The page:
Virtually all of the reforms being floated by President Obama and other centrist Democrats have been tried, and have failed repeatedly. Plans that combined mandates to purchase coverage with Medicaid expansions fell apart in Massachusetts (1988), Oregon (1992), and Washington state (1993); the latest iteration (Massachusetts, 2006) is already stumbling, with uninsurance again rising and costs soaring. Tennessee’s experiment with a massive Medicaid expansion and a public plan option worked – for one year, until rising costs sank it.

The Federal Employee Health Benefit Program (the model for a health insurance exchange) leaves hundreds of thousands of federal workers uninsured, and has proven unable to contain costs.

Negative results in a recent series of randomized trials explodes the hope that chronic disease management will cut costs. And the CBO has thrown a wet blanket on the notion that electronic medical records save money.

As Drs. David Himmelstein and Steffie Woolhandler, co-founders of Physicians for a National Health Program, have remarked, a public plan option does not lead toward single-payer, but toward the segregation of patients, with profitable ones in private plans and unprofitable ones in the public plan. A quarter-century of experience with public/private competition in the Medicare program demonstrates that the private plans will not allow a level playing field. Despite strict regulation, private insurers have successfully cherry-picked healthier seniors, and have exploited regional health spending differences to their advantage. They have progressively undermined the public plan – which started as a single-payer system for seniors and have now become a funding mechanism for HMOs – and a place to dump the unprofitably ill.

Progressive supporters of the “public option” readily concede that single-payer is a superior system. Indeed, their response to evidence that their plan won’t work is to commission more charts and graphs emphasizing its political feasibility.

The “public option” is truly the embodiment of health policy designed by sound bytes, cobbled together from snippets of information gathered from focus groups and public opinion polls, and centered around well-polling buzzwords such as “choice” and “shared responsibility.”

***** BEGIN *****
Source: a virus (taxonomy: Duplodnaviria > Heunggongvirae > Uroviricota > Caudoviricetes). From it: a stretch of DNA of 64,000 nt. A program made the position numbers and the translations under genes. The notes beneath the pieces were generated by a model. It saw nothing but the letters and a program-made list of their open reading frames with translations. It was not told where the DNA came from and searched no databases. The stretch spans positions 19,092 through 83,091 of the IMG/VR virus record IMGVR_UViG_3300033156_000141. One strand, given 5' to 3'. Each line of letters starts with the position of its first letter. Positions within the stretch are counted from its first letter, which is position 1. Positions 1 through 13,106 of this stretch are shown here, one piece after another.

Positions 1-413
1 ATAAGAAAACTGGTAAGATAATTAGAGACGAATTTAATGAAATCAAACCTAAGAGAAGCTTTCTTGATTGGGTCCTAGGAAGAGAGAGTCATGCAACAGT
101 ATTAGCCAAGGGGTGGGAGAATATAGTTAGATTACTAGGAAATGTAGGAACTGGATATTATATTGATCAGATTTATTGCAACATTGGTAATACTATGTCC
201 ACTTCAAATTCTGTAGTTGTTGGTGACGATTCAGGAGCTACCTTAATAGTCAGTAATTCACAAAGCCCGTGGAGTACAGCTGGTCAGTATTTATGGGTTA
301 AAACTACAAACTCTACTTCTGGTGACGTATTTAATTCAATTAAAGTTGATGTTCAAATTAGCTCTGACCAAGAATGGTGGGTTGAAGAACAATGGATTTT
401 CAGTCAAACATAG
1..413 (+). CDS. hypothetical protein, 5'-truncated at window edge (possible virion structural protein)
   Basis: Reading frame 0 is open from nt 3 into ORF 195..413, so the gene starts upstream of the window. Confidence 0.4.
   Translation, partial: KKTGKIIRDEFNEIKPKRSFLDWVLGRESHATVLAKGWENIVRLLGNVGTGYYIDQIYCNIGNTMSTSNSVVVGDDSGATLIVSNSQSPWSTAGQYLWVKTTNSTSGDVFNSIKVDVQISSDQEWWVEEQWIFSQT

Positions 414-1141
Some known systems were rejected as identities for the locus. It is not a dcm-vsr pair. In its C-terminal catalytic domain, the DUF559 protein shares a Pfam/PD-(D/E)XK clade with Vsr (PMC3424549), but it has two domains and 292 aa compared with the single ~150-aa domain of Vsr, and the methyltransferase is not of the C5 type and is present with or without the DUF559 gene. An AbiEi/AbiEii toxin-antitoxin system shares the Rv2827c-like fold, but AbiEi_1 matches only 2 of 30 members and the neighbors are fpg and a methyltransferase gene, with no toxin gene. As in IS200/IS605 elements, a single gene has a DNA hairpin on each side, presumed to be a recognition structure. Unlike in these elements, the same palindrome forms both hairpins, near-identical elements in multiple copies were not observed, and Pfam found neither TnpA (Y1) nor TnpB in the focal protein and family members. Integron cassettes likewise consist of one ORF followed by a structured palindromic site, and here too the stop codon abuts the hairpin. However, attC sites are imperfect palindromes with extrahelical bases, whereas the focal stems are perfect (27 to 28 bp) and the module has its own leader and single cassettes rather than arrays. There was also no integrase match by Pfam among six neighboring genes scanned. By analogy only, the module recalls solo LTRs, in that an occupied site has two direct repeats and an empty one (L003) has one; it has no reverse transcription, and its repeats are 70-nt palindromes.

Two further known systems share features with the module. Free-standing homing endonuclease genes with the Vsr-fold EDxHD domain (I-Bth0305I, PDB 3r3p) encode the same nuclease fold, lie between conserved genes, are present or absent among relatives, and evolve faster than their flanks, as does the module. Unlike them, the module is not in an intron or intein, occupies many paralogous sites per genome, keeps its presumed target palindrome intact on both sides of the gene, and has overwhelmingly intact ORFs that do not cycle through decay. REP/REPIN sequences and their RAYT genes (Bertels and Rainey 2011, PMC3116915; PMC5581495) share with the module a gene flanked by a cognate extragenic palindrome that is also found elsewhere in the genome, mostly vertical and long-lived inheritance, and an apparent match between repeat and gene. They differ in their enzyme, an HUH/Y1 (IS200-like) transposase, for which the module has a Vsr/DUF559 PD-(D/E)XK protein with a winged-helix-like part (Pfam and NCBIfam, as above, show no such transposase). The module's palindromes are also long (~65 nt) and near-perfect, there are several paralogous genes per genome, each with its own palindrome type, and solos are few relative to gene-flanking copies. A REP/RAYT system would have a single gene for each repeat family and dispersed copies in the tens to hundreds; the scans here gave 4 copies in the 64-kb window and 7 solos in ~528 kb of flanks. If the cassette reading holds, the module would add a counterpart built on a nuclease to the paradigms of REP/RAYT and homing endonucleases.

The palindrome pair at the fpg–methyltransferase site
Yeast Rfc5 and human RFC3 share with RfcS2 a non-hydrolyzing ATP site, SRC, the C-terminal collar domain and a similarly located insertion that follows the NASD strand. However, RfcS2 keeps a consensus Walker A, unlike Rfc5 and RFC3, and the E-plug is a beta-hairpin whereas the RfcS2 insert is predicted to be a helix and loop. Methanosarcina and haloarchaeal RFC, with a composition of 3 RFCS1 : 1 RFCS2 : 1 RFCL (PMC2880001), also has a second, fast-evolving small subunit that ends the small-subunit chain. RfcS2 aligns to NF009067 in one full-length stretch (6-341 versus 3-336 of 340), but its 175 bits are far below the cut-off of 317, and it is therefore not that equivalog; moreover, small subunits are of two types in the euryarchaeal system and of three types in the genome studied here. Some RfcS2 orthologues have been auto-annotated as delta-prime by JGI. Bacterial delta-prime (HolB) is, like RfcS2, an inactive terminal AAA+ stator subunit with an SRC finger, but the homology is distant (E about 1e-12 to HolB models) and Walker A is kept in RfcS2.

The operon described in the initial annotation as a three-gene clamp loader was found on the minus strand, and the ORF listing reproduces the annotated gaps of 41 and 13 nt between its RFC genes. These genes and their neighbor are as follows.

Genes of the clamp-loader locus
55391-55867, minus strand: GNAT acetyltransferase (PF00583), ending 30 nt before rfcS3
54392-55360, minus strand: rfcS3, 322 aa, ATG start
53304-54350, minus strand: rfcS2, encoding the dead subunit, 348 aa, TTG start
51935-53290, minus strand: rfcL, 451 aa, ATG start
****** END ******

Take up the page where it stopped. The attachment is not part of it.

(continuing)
Such a plan may be enough to excite the political classes in Washington, who care more about what they think can pass the Congress than what will actually deliver universal, comprehensive health care for all. But doctors and nurses, the people who actually work in the health system, see right through it. They are going to jail because they know that this plan won’t work for their patients.

Nobody is going to jail for the “public option,” because the American people cannot be inspired by band-aids and half-measures it is impossible to believe in.

These doctors and nurses are the manifestation of a social movement, millions strong, that is waiting to be mobilized by the leadership of the Members in this room. Polls consistently show that two-thirds of the American people want single-payer. At a recent hearing in Montana convened by Sen. Max Baucus, only 10 people of three hundred said they were happy with the insurance they have. Sixty percent of physicians support single-payer, as do the U.S. Conference of Mayors and 39 state labor federations and hundreds of local unions across the country.

We’re told that holding out for single-payer is politically unwise, but to compromise and accept a bad plan at precisely the time when popular support and grassroots energy are on the side of true reform is the real political miscalculation.

The history of great social achievement is rife with instances in which the forces of institutionalized power told social movements – as they now tell this one – that what they wanted was too much, or too fast, or too soon. I think, of course, of the abolition of human slavery, the enfranchisement of women, the Civil Rights Movement, Social Security, the minimum wage, an end to child labor. In each of these instances, social movements held fast to their principles and soon discovered that they had been told was “politically unfeasible” one moment was political reality the next.

We currently have a better chance to pass single-payer than Lyndon Johnson had when he passed Medicare. Unlike the public option, single-payer – because it holds the potential to finally realize universal, equitable health care – can be a vehicle to inspire the American people for progressive change.

The voices of doctors and nurses can achieve extraordinary resonance when they speak selflessly in their patients’ interest. But your leadership is crucial to inspire the American people.

It is my hope that you’ll see fit to provide it.

The above remarks were presented to the Congressional Progressive Caucus on June 4.